Improving Sales Revenue – Sanofi-Aventis


Sanofi-Aventis is the fourth largest pharmaceutical company worldwide with nearly 105,000 employees in over 110 countries.

Genos had previously conducted a research study with pharmaceutical sales representatives showing a direct relationship between sales reps emotional intelligence and their performance as measured in revenue generated. While convinced of the relationship, Sanofi-Aventis wanted to examine whether the emotional intelligence of sales representatives could be improved and whether such improvements would in fact result in increased sales revenue.

The Genos Solution

To factor out market influences and to allow for a more exact comparison, Genos asked Sanofi-Aventis to select a large group of representatives who were all similar in terms of tenure with the organisation and sales performance. Following this request Sanofi-Aventis selected 70 sales representatives for Genos to work with who were then randomly split into two groups: a Development Group who would participate in an emotional intelligence development program; and a Control Group, who would be assessed in terms of their emotional intelligence and sales performance only.

Genos designed an emotional intelligence development program for both the sales representatives and their sales managers. The program involved:

  1. A Time 1, 360-degree assessment of sales managers emotional intelligence and an assessment of their sales reps performance at the outset
  2. One full day and two half-day workshops on how to utilize emotional intelligence skills in sales
  3. Eight small group (n=5) coaching sessions for the sales managers
  4. Five emotional intelligence-mentoring sessions between sales managers and their reps. The purpose of these sessions was for managers to fine tune their sales representatives application of emotional intelligence on sales calls
  5. A Time 2, 360-degree assessment sales managers emotional intelligence and re-assessment of their sales reps performance


On average, the emotional intelligence of the sales managers improved by 18 percent. As can be seen in the graph below this helped facilitate an average 13% improvement in the Development Group’s sales performance in comparison to the Control Group’s. There was a 7.1% improvement in the first month following the program, a 15.4% improvement the next month and 13.4% improvement the month after that (as measured by retail sales revenue by territory). The revenue of the Control Group stayed flat and in the same revenue band during this period.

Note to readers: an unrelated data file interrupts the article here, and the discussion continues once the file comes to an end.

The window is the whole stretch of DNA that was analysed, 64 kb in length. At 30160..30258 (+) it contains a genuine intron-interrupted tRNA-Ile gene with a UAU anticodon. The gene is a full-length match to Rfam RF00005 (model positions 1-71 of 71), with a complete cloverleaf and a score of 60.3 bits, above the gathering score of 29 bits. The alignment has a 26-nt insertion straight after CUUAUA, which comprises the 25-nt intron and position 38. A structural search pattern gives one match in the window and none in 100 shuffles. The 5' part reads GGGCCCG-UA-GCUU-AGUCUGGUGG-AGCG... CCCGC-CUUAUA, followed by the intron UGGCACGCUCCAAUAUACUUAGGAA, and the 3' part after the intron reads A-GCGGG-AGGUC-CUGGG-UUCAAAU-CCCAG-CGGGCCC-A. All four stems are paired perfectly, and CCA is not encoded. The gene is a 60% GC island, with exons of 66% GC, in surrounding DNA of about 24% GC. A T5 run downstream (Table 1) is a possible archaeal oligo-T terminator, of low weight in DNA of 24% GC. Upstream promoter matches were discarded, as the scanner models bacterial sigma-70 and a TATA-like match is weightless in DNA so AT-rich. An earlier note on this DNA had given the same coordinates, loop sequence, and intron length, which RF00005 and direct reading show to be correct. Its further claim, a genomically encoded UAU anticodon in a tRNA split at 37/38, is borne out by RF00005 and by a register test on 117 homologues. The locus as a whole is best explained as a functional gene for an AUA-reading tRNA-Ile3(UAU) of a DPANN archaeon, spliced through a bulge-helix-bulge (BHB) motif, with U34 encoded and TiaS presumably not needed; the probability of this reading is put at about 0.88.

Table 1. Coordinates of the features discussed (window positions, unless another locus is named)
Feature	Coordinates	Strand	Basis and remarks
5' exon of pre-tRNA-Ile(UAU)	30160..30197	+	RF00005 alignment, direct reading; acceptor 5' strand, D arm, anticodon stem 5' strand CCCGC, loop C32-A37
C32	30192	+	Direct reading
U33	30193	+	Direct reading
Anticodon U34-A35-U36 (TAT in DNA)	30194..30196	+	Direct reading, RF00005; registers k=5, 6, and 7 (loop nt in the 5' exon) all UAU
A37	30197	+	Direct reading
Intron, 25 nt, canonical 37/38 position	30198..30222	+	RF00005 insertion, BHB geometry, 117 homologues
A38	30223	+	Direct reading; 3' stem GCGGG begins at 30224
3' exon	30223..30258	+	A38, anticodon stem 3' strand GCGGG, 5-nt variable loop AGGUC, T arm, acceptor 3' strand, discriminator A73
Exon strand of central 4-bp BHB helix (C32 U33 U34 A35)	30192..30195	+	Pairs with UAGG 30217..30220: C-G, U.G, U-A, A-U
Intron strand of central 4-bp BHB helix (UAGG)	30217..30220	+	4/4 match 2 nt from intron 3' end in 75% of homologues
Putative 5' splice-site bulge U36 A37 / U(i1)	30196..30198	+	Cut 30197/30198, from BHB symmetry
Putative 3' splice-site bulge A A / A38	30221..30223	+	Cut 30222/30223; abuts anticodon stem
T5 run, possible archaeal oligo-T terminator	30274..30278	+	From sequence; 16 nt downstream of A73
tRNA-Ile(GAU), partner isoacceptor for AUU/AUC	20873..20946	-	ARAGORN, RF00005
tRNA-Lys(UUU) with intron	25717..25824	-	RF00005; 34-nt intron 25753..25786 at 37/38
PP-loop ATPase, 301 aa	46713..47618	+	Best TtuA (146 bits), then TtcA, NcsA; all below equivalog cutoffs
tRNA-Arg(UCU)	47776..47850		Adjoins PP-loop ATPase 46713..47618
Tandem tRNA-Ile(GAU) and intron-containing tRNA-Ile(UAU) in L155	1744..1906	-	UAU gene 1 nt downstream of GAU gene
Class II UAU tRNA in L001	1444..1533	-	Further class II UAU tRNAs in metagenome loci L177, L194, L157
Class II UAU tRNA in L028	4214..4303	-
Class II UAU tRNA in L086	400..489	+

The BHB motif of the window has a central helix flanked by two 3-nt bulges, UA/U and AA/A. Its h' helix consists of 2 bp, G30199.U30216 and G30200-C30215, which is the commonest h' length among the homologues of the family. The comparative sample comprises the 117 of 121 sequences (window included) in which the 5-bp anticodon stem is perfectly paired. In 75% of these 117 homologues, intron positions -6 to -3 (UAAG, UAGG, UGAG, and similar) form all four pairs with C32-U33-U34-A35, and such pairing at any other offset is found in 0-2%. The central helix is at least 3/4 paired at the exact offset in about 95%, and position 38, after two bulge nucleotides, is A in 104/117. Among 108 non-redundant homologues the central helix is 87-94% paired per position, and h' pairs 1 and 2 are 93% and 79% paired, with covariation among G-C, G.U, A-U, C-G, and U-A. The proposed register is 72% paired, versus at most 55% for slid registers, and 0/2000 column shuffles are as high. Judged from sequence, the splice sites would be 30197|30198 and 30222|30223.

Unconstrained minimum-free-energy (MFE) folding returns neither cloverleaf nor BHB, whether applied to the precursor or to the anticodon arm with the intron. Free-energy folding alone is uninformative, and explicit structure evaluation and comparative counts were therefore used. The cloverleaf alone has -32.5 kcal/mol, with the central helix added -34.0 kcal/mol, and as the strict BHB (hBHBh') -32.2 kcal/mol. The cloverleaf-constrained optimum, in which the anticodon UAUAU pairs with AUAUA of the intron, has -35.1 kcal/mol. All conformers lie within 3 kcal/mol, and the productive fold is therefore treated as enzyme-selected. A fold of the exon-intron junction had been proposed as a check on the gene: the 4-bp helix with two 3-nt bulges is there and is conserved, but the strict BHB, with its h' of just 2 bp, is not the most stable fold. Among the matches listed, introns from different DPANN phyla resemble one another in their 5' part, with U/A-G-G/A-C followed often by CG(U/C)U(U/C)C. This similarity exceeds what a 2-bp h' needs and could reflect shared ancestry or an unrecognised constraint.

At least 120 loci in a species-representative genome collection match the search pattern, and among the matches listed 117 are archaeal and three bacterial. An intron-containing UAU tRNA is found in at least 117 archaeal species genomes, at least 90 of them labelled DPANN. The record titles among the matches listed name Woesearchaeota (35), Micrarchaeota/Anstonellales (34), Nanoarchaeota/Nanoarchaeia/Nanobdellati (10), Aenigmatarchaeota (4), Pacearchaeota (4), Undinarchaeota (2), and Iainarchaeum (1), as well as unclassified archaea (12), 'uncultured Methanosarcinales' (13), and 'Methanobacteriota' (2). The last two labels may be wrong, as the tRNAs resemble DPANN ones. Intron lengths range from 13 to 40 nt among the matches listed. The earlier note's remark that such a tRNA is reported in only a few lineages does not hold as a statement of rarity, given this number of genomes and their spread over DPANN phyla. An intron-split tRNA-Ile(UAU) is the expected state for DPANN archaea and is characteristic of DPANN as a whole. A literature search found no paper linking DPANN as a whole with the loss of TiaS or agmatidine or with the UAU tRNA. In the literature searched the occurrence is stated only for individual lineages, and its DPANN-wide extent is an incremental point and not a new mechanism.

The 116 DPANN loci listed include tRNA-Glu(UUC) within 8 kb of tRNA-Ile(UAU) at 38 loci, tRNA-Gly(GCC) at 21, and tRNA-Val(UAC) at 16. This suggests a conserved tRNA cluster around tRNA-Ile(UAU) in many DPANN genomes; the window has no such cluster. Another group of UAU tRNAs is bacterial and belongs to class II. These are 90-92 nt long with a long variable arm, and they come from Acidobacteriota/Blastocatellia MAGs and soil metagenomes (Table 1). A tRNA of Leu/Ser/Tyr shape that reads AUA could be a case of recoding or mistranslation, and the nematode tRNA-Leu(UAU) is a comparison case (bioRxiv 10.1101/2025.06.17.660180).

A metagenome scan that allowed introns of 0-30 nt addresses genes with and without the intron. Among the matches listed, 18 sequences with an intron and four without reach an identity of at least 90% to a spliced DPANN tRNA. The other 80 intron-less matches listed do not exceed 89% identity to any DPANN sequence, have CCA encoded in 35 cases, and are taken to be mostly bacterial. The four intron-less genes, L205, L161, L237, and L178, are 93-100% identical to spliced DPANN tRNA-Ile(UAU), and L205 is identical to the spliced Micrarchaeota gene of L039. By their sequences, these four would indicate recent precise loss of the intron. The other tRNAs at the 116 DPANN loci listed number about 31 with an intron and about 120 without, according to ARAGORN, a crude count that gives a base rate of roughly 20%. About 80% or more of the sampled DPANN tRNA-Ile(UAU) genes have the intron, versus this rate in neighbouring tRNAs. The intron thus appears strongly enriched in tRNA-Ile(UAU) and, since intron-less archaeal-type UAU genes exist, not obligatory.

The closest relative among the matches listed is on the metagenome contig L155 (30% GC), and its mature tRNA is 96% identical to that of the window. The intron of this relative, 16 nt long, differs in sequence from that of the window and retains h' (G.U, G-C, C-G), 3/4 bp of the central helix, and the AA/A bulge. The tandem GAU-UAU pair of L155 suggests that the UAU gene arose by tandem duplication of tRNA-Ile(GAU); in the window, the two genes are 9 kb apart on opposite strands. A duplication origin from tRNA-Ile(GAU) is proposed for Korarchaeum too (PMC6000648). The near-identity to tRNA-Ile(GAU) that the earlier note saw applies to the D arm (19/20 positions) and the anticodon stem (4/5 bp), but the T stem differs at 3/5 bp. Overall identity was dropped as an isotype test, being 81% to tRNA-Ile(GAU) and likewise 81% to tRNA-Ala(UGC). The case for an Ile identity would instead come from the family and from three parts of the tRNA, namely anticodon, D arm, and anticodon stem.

The improvements in revenue generated by the Development Group returned approximately $6 for every $1 Sanofi-Aventis invested in the pilot program. This is one of the only studies of its type showing direct improvements on the bottom line as a result of improvements in emotional intelligence. This program won the 2006 Australian Institute of Learning and Development Achievement Award for an outstanding contribution to the practice of learning and development.

Participant Feedback 

Feedback from the participants showed the program not only helped improve the sales performance of reps and their managers, it also helped them improve their relationships with each other. Employees had been navigating a difficult time within the business as bumps from the merger were ironed out and the two cultures integrated. As one participant put it:

I have seen improvements in behaviour that have increased the bottom line with sales reps. From a management perspective, increased skills that have lead to more buy-in, acceptance, spirit improved, and better communication.



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